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Gross national income, football workers and national football team performances

Gross national income, football workers and national football team performances Purpose – This study aims to examine the association between national economic prosperity (measured by per capita gross national income – GNI) and the acquisition of football workers (indicated by number of amateur footballers, football officials and professional footballers) and predict football performances (specified by qualifications at continental football championships) based on per capita GNI and football workers. Design/methodology/approach – Archival data of 203 national football teams were utilized based on continental football championship records before 2014. Binary logistic regression analysis was used to build various models to ascertain their predictive values. Economically prosperous nations are those with a per capita GNI of more than US$10,000, and unprosperous nations are those with per capita GNI of less than US$10,000. Findings – The analysis indicated that per capita GNI was significantly and positively associated with the acquisition of football workers – but not predictive of football performance. Rather football officials and professionals emerged to be the key predictors of football performance and not per capita GNI. The final model predicted 73.1 and 74.2 per cent of performance and non-performance, respectively, of national football teams correctly. Research limitations – The findings were largely restricted to quantitative archival data for the last continental championships. However, future research may benefit from using qualitative interviews, questionnaires and or ethnographic studies of players, teams and or managers. Practical implications – The results revealed that economic prosperity positively influences the acquisition of football resources (here – in football workers). Specifically, targeted production of football workers, such as the acquisition of a large number of effective professional footballers and officials, can boost football performance – and not merely economic prosperity. Originality/value – Actual football-specific human capital (and not general population) was used in predicting continental football qualifications – a factor uncommon in such studies. http://www.deepdyve.com/assets/images/DeepDyve-Logo-lg.png Team Performance Management Emerald Publishing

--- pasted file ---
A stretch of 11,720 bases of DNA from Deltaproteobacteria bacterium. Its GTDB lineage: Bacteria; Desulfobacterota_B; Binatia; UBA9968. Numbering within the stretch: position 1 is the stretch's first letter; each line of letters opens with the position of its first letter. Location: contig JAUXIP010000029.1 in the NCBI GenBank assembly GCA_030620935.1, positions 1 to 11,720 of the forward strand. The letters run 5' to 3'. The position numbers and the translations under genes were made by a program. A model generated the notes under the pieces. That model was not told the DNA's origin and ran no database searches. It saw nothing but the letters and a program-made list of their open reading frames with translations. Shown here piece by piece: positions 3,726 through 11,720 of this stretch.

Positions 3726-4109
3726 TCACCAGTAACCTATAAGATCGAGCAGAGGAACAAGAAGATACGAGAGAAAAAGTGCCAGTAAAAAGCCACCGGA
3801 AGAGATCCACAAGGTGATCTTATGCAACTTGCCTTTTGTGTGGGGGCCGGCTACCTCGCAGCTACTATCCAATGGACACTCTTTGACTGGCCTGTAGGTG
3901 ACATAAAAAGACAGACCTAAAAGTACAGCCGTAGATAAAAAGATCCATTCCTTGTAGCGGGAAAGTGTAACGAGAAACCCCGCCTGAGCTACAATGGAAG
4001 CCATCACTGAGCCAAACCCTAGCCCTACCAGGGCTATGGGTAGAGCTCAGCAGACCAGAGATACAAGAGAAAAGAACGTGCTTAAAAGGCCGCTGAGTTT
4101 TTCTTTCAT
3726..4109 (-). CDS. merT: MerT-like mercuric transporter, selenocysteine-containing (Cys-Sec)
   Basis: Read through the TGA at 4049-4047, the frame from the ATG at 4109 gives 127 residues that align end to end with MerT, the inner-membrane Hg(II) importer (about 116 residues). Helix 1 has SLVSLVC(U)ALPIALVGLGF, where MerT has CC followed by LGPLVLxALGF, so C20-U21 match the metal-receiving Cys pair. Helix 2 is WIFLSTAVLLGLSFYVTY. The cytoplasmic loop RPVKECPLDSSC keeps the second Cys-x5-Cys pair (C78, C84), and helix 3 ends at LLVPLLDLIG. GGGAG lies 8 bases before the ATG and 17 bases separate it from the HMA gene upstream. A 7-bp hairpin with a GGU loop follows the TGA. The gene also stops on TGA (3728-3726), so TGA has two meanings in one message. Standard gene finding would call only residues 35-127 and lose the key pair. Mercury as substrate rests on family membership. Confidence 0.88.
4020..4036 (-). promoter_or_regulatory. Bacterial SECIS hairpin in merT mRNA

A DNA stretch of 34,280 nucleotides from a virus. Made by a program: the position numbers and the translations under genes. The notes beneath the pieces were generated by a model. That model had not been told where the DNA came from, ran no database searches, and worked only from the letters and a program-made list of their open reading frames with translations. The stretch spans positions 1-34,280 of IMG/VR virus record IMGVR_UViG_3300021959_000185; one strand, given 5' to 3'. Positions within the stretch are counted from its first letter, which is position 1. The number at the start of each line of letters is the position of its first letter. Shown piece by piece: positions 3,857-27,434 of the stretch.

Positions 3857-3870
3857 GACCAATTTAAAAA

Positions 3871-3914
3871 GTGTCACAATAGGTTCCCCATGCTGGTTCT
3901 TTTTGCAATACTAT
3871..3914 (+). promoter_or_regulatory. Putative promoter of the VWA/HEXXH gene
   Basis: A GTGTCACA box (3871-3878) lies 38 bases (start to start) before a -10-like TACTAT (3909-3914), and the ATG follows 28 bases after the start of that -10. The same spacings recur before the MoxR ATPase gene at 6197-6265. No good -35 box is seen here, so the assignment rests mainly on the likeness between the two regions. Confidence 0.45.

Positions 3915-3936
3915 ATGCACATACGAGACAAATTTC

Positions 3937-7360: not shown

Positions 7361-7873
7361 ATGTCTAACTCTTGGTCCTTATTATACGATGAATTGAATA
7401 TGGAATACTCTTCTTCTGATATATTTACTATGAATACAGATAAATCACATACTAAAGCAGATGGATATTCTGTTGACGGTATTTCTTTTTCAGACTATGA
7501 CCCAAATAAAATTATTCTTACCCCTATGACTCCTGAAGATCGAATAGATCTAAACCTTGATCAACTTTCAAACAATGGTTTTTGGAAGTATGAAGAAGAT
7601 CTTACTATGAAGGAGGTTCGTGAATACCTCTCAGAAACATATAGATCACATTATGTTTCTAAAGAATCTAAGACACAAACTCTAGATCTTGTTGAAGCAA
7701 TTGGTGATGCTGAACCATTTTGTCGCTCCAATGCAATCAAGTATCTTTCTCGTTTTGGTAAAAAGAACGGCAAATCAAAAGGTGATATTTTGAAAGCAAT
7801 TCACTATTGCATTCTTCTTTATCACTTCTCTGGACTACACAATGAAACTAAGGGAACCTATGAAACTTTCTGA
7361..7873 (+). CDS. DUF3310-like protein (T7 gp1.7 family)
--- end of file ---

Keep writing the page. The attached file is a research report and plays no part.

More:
Gross national income, football workers and national football team performances

Team Performance Management , Volume 21 (7/8): 16 – Oct 12, 2015

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Publisher
Emerald Publishing
Copyright
Copyright © Emerald Group Publishing Limited
ISSN
1352-7592
DOI
10.1108/TPM-04-2015-0018
Publisher site
See Article on Publisher Site

Abstract

Purpose – This study aims to examine the association between national economic prosperity (measured by per capita gross national income – GNI) and the acquisition of football workers (indicated by number of amateur footballers, football officials and professional footballers) and predict football performances (specified by qualifications at continental football championships) based on per capita GNI and football workers. Design/methodology/approach – Archival data of 203 national football teams were utilized based on continental football championship records before 2014. Binary logistic regression analysis was used to build various models to ascertain their predictive values. Economically prosperous nations are those with a per capita GNI of more than US$10,000, and unprosperous nations are those with per capita GNI of less than US$10,000. Findings – The analysis indicated that per capita GNI was significantly and positively associated with the acquisition of football workers – but not predictive of football performance. Rather football officials and professionals emerged to be the key predictors of football performance and not per capita GNI. The final model predicted 73.1 and 74.2 per cent of performance and non-performance, respectively, of national football teams correctly. Research limitations – The findings were largely restricted to quantitative archival data for the last continental championships. However, future research may benefit from using qualitative interviews, questionnaires and or ethnographic studies of players, teams and or managers. Practical implications – The results revealed that economic prosperity positively influences the acquisition of football resources (here – in football workers). Specifically, targeted production of football workers, such as the acquisition of a large number of effective professional footballers and officials, can boost football performance – and not merely economic prosperity. Originality/value – Actual football-specific human capital (and not general population) was used in predicting continental football qualifications – a factor uncommon in such studies.

Journal

Team Performance ManagementEmerald Publishing

Published: Oct 12, 2015

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